ACLU Calls Latest Justice Department Report 'Patriot Act Propaganda,' Says Congress and Public Still Denied Access to the Truth

September 22, 2004 12:00 am

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WASHINGTON – The American Civil Liberties Union today called a Justice Department Justice report on “sneak and peek” warrants one-sided propaganda for the Patriot Act. The release of the report followed a congressional hearing where Senators chastised the Department for failing to meet mandated reporting requirements on the use of section 215, the so-called “business records” provision of the Patriot Act.

“This Justice Department report is propaganda, pure and simple,” said Laura W. Murphy, Director of the ACLU Washington Legislative Office. “Attorney General Ashcroft continues to ignore Congress’s demand that he explain how many of the Patriot Act powers are being used.”

The report, titled “Delayed Notice Search Warrants: A Vital and Time-Honored Tool for Fighting Crime,” was sent by the Justice Department to Congress today. The report outlines how sneak and peek warrants work and how law enforcement has benefited from them.

But the report downplays the changes the Patriot Act made to this law enforcement power, and seriously overstates the judicial support for “sneak and peek” before the Patriot Act wrote this power into federal law. Section 213 of the act substantially lowered the standard for government agents to enter homes, look around, and even take property. Now, the government may delay notice of a search under an overly broad provision that applies whenever harm to the prosecution may result.

The ACLU also noted that sneak and peek warrants no longer require, as the report acknowledges was required in some judicial circuits, that notice be given within seven days after the secret search; instead, an indefinite “reasonable time” is the new standard.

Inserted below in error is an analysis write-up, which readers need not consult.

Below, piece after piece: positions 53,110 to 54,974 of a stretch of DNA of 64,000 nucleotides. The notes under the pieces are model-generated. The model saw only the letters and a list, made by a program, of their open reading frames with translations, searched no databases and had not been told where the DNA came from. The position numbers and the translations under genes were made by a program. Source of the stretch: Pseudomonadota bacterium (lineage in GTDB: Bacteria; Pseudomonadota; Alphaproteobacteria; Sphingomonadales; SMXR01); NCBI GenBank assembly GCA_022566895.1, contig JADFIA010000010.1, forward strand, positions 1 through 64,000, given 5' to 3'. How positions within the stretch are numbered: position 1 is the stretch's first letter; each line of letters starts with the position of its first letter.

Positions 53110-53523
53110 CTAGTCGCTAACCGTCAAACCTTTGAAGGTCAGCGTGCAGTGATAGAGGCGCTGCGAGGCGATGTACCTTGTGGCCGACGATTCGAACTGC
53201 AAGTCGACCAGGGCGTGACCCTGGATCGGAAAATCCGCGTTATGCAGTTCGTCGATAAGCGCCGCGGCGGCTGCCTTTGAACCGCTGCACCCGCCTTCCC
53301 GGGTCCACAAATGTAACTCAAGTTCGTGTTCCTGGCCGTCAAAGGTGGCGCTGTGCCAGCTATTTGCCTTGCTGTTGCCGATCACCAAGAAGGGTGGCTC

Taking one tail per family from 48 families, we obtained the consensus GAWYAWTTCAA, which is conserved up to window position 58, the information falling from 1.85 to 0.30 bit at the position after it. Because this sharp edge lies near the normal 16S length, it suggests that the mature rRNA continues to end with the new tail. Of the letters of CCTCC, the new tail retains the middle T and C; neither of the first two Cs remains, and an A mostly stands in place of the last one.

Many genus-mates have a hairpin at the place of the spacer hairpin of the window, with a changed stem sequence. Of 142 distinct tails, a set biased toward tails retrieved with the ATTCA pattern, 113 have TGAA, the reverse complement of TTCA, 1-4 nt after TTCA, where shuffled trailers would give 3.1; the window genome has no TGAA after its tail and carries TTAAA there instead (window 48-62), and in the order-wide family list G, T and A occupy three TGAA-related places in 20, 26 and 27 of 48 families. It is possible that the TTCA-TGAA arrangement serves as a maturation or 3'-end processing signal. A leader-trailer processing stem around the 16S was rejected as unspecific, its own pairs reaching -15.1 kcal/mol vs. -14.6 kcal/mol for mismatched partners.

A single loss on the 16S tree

The Justice Department report makes clear that these warrants as expanded by the Patriot Act are often used in non-terrorism related cases. Disturbingly, the report also describes how agents use delayed-notice warrants to trick persons under investigation into thinking they have been the victims of a robbery. While the report contains a list of delayed-notice “success stories,” it fails to address whether law enforcement could have obtained the same result using the stricter judicial standards proposed by Patriot Act critics.

Section 213 was among the many subjects addressed at a Senate Judiciary Committee hearing this morning on the Patriot Act and measures introduced to modify that controversial law. At the hearing, politicians from both parties called for corrections to be made to the Patriot Act to bring it back in line with the Constitution while still giving law enforcement the tools they need to fight terrorism.

One such measure is the bipartisan “Security and Freedom Ensured Act,” (S. 1709/H.R. 3352, sponsored by Senators Larry Craig (R-ID) and Richard Durbin (D-IL), who spoke before their colleagues on the Judiciary Committee.

“The Department of Justice is months overdue in meeting congressionally mandated deadlines for reporting on the Patriot Act,” said Timothy Edgar, ACLU Legislative Counsel. “Yet Attorney General Ashcroft finds time to release reports that promulgate these controversial powers. And the Attorney General, who can’t find time to meet with key Congressional committees, found time last year to promote the Patriot Act on a nationwide tour. Congress and the public cannot have an informed discussion about the Patriot Act if they are kept in the dark about its use – and cheerleading reports on the Patriot Act are no substitute for real answers.”

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